The reason for this inequity – something our ‘people sensitive’ media may not venture into – lies in the Indian Government’s keenness to portray that they are overtly concerned about the Kashmiri victims. The government wants to avoid even the slightest blemish and not give an opportunity for
proponents of ‘Azad Kashmir’ to point a finger at the Centre. However, it is a pity that earthquakes that had a much more severe impact on Indian citizens received much lesser attention simply because the government could afford to take these people for granted. Alas, these states do not have
secessionist tendencies. Therefore, there is no real need to be nice to them. This is akin to the nosier baby always getting the chocolate.
The worst part is that in reality no purpose of the Government is really served. The people of Kashmir are still complaining and I myself encountered locals telling me that “this government should let us be free if they can’t take care of us”. They, of course, don’t know that what they have received is many times more than parts of the country that are not disputed. There are no kind words for the government anywhere. The army, however, I must admit has been praised at places for its immediate help when the quake struck. However, this public relations disaster is not new for the entre.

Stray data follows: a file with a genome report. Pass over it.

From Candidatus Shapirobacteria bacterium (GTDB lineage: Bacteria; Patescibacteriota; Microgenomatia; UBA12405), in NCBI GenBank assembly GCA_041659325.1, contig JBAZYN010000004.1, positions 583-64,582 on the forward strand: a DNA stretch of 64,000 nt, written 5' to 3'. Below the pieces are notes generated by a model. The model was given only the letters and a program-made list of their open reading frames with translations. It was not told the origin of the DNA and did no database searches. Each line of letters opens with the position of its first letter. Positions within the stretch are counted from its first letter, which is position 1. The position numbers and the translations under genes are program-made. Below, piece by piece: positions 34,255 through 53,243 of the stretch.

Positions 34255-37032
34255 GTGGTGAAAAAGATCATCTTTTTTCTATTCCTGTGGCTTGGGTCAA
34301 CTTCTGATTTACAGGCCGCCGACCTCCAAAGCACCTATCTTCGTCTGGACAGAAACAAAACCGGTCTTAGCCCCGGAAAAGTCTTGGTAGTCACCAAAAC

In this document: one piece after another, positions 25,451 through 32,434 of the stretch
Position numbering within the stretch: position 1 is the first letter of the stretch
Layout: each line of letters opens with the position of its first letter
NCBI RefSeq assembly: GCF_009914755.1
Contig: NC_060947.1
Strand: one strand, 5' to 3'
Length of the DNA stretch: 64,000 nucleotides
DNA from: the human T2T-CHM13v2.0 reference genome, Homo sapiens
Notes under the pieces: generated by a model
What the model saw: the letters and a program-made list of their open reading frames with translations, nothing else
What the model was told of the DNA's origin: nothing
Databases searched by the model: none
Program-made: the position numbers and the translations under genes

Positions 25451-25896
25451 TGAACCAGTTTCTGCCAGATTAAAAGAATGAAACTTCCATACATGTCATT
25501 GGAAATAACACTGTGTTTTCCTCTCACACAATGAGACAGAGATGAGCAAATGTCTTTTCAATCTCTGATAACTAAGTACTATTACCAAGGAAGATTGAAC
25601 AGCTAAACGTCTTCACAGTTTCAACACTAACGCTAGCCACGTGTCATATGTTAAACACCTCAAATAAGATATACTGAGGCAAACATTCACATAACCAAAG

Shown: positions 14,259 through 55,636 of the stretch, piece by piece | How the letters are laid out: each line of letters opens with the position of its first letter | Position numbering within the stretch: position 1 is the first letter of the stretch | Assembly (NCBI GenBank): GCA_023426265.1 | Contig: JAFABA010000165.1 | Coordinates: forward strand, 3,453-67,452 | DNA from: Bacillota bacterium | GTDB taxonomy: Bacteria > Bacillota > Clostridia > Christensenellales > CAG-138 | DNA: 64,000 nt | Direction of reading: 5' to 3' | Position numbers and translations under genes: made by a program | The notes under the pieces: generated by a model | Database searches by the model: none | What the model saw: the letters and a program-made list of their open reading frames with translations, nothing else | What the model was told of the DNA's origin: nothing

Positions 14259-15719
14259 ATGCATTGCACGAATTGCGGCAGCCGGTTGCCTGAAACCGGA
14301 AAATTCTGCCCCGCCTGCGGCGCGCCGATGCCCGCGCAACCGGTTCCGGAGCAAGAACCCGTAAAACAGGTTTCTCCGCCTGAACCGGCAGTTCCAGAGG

According to a report by the Centre for Policy Alternatives, the per capita 10th Plan allocation to J&K is Rs. 14,400, while it was Rs. 2500 to Bihar and Rs. 5200 to Orissa. Even the national average was Rs. 5700. Thus J&K received almost thrice as much as the national average and nearly six times as much as Bihar. Considering that Bihar and Orissa are India’s two poorest states and J&K has the least percentage of people below the poverty line in India, this is acutely unjust. Furthermore, J&K is a ‘Special Category State’ and hence receives more grants from the centre than other ‘normal’